The series is fun and was extremely popular in both Japan and the United States (thanks. While the anime series was only 26 episodes, they did release two feature length films that acted as a means to tell the story more preciously and with new footage.

#1: .Hack//Sign


So my number one choice would be another for the “WHEN-NOT-IF” column. .Hack has been one of the most popular stories about a fictional roleplaying game of all time. As much as I love Sword Art Online, SAO doesn’t exist without .Hack. The franchise has inspired video games, anime adaptations, and even a trading card game series.

Bandai had a short lived trading card game from the early 2000’s that they could pull character and art from easily. With the MMO aspect behind the series, I could easily see several new mechanics introduced for the game. .Hack offers several options for either a single, one-and-done set or a multiple release set similar to Naruto/Boruto.

Those are our picks. Ultimately, however, the future of the game is yet to be seen. Due to the pandemic and the lasting impact it’ll have on our industry combined with Bandai’s other commitments (Dragon Ball Super and the Digimon TCG relaunch), I think Chrono Clash may have a bumpy future beyond the My Hero Academia set.

That is just our opinions, though. What do you all think? Do you think our set ideas could work? What do you want to see? Sound off in the comments below and let us know.

Until next time, as always, keep your dice warm and happy gaming!

Chrono Clash System Is Preparing To Go ‘Plus Ultra’!

In yet another stealth announcement, Bandai Games updated their Chrono Clash System website to announce three new sets based on one of the most popular manga/anime series in the world – My Hero Academia.

Izuku Midoriya and Class 1-A Set (MH01)

Katsuki Bakugo and Shoto Todoroki Set (MH02)

All Might and All For One Set (MH03)

Beyond the box art, set names, and the listing on the game’s official website, not much (if anything) is known about the newest edition to the Chrono Clash System.

Each set will include two decks, obviously, but their contents aren’t known at this time. With the Izuku Midoriya and Class 1-A Set it would be a safe guess that the Class 1-A deck will focus heavily on the rest of Deku’s classmates that Bandai didn’t feel couldn’t warrant their own deck(s). It would explain why Bakugo and Todoroki recieved their own decks.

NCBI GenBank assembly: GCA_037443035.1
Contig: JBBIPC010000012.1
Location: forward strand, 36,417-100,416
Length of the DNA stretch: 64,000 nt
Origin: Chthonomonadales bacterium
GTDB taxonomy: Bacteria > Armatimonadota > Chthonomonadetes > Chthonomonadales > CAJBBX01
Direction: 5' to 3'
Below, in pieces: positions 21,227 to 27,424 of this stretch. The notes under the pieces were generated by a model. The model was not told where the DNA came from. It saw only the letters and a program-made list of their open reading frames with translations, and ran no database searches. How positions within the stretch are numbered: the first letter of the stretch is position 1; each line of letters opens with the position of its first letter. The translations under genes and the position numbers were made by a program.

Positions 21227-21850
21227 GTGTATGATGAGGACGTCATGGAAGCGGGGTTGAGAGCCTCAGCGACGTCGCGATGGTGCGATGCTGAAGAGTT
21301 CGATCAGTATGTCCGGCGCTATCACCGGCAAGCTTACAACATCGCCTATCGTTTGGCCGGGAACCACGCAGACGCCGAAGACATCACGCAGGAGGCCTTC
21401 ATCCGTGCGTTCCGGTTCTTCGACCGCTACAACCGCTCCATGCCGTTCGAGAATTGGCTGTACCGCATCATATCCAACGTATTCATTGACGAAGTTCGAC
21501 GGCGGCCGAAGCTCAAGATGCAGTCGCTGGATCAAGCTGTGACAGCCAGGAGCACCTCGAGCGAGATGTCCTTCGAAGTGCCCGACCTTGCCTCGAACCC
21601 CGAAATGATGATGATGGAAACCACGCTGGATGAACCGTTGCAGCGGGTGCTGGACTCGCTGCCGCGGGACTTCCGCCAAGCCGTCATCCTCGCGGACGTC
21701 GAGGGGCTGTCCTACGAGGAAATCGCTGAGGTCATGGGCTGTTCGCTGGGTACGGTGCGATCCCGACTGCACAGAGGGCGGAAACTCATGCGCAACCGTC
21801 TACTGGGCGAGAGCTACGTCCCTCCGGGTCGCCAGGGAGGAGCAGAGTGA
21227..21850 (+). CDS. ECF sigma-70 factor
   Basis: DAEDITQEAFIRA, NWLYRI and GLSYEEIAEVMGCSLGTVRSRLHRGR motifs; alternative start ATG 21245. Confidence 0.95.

The set that has my interest, however, is the All Might and All For One Set. The pro heroes of My Hero Academia have always been one of my favorite parts of the series, so anything that gives them more attention is a plus (ultra) for me. Much like western comic books, the heroes can only be as great or enthralling as their villains. Judging by the box art, the All For One portion will have a focus on the League of Villains.

Interestingly, however, they are simply calling the set the My Hero Card Game. I wonder if that has anything to do with the release of Jasco Games’ My Hero Academia Collectible Card Game for their UniVersus line (the revamped Universal Fight System)?

Obviously, this is a set I cannot wait to hear more about and have the cards in hand. What about the rest of you? Is this something you’re looking forward to? Or is it something you may put off getting in favor of a more solo based game right now?

As always, keep your dice warm and happy gaming.

UFS Yu Yu Hakusho Previews and Release Date!

Jasco Games has finally tipped their hat with the upcoming UFS Yu Yu Hakusho release!

First and foremost, we have a release date. Jasco has announced that the next expansion is due on September 6, 2019. That is a lot sooner than I had given any hope for. Furthermore, per their Facebook post, we may get a bit early at Gen Con next month.

Wake me before September ends!

Next up, we have our first previews of the set. On both their Facebook and official site Jasco has shown off the leader of Team Urameshi, Yusuke Urameshi himself. Each card previewed looks fun and powers like Spirit Gun represent the iconic moves. The art work looks to be straight pulls from the anime, which is fine by me since that is how Score Entertainment did their version. Interestingly enough, though, is that the first set (based off the characters picked) is based on the Spirit Detective Saga of the anime/manga. Yusuke, though, is depicted in his Dark Tournament Saga fighting gear.

The Man. The Myth. The Legend.










If these are the kinds of cards we can expect from the rest of the set then I cannot wait to get my hands on them in September.

Until next time, keep your dice warm and happy gaming!

UFS Yu Yu Hakusho

I’ve written this opening entry a dozen or so times and I still can’t process it. We are going to get straight to the point then.

Today, via their Facebook pages, Jasco Games announced the next expansion to their Universal Fight System (or simply UFS)…

If the opening theme isn’t in your head right now…

Those that know me personally, or have been following my game writing for a while, know that Score Entertainment’s Yu Yu Hakusho TCG from the early 2000’s was insanely influential to me. The game was the reason I am as big of a fan of trading card games, and collectible games in general. To this day, I will buy the boosters and starters for it, even more than a decade after it stopped being published. For me, the Yu Yu Hakush TCG was the game by which all others were measured (power creep be damned).

Of course, I have no delusions that these will be anything similar. UFS has a rich and rewarding combat system that a property like this was made for. More so than even last year’s Cowboy Bebop set, Yu Yu Hakusho is a series about tournament fighting, hand to hand combat and a magnitude of characters that should offer several rich deck types and builds.

It just makes me beyond happy to know that I’ll be able to buy new cards and experience the new thrill all over again with characters I adore.

So, until next time, keep your dice warm and happy gaming.